Date of Award

5-2014

Degree Type

Thesis

Degree Name

Master of Science

Major

Computer Engineering

Major Professor

Gregory D. Peterson

Committee Members

Nicole McFarlane, Nathaniel R. Paul

Abstract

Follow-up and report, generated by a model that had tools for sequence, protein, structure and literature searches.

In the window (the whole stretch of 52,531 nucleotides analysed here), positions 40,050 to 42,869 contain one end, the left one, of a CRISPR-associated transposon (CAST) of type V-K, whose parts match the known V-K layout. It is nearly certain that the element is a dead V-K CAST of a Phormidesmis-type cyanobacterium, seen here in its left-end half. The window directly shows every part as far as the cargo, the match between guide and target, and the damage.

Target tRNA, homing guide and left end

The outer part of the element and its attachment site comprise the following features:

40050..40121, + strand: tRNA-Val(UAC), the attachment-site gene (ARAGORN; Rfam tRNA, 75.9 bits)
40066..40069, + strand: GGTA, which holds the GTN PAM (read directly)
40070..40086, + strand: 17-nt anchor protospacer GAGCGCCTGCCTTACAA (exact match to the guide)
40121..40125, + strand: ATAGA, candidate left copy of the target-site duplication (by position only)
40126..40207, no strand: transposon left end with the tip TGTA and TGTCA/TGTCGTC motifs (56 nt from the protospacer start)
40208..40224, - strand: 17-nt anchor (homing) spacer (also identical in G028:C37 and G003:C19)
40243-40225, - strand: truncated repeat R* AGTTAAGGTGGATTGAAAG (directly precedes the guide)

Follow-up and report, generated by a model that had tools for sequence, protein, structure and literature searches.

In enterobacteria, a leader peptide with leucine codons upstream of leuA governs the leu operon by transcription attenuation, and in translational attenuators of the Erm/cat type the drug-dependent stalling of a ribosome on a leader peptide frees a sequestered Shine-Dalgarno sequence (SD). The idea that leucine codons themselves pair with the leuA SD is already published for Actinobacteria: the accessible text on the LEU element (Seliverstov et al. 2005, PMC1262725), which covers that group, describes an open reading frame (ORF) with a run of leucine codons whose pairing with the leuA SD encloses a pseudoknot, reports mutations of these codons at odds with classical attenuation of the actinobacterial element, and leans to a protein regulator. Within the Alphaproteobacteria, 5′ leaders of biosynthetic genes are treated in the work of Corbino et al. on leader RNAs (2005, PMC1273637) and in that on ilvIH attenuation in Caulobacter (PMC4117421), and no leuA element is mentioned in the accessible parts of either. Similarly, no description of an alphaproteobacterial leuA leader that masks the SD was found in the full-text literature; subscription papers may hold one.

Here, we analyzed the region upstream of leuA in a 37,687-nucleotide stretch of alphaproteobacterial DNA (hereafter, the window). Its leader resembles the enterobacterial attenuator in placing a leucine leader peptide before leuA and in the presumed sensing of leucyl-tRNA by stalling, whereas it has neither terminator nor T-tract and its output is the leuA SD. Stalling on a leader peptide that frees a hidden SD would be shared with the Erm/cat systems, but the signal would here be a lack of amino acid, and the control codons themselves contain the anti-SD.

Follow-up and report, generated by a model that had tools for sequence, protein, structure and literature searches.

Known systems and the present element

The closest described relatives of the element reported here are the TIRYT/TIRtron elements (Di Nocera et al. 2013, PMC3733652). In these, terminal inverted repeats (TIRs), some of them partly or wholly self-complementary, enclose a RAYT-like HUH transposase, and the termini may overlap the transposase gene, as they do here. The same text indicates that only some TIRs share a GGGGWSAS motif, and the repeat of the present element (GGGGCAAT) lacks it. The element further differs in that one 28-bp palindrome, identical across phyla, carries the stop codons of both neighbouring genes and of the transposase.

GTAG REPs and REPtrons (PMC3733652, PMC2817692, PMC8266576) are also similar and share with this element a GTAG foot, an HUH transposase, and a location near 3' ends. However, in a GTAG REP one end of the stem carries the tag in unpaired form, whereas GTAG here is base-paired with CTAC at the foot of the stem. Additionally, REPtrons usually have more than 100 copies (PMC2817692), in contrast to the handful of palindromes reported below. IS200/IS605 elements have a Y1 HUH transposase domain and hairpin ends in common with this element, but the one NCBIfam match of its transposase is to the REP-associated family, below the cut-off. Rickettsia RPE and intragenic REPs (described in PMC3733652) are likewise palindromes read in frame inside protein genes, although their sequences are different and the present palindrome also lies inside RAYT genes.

Patients are increasingly reliant on implantable medical device systems today. For patients with diabetes, an implantable insulin pump system or artificial pancreas can greatly improve quality of life. As with any device, these devices can and do suffer from software and hardware issues, often reported as a safety event. For a forensic investigator, a safety event is indistinguishable from a potential security event. In this thesis, we show a new sensor system that can be transparently integrated into existing and future electronic diabetes therapy systems while providing additional forensic data to help distinguish between safety and security events. We demonstrate three bowel sound detection methods, the best of which has an 84.26% bowel sound classification accuracy. We provide additional contextual information by using detected bowel sounds to detect when a patient begins to eat. We achieved 100% eating detection accuracy in a laboratory environment. From the eating data, an algorithm or forensic investigator can identify potential malfeasance in a test subject.

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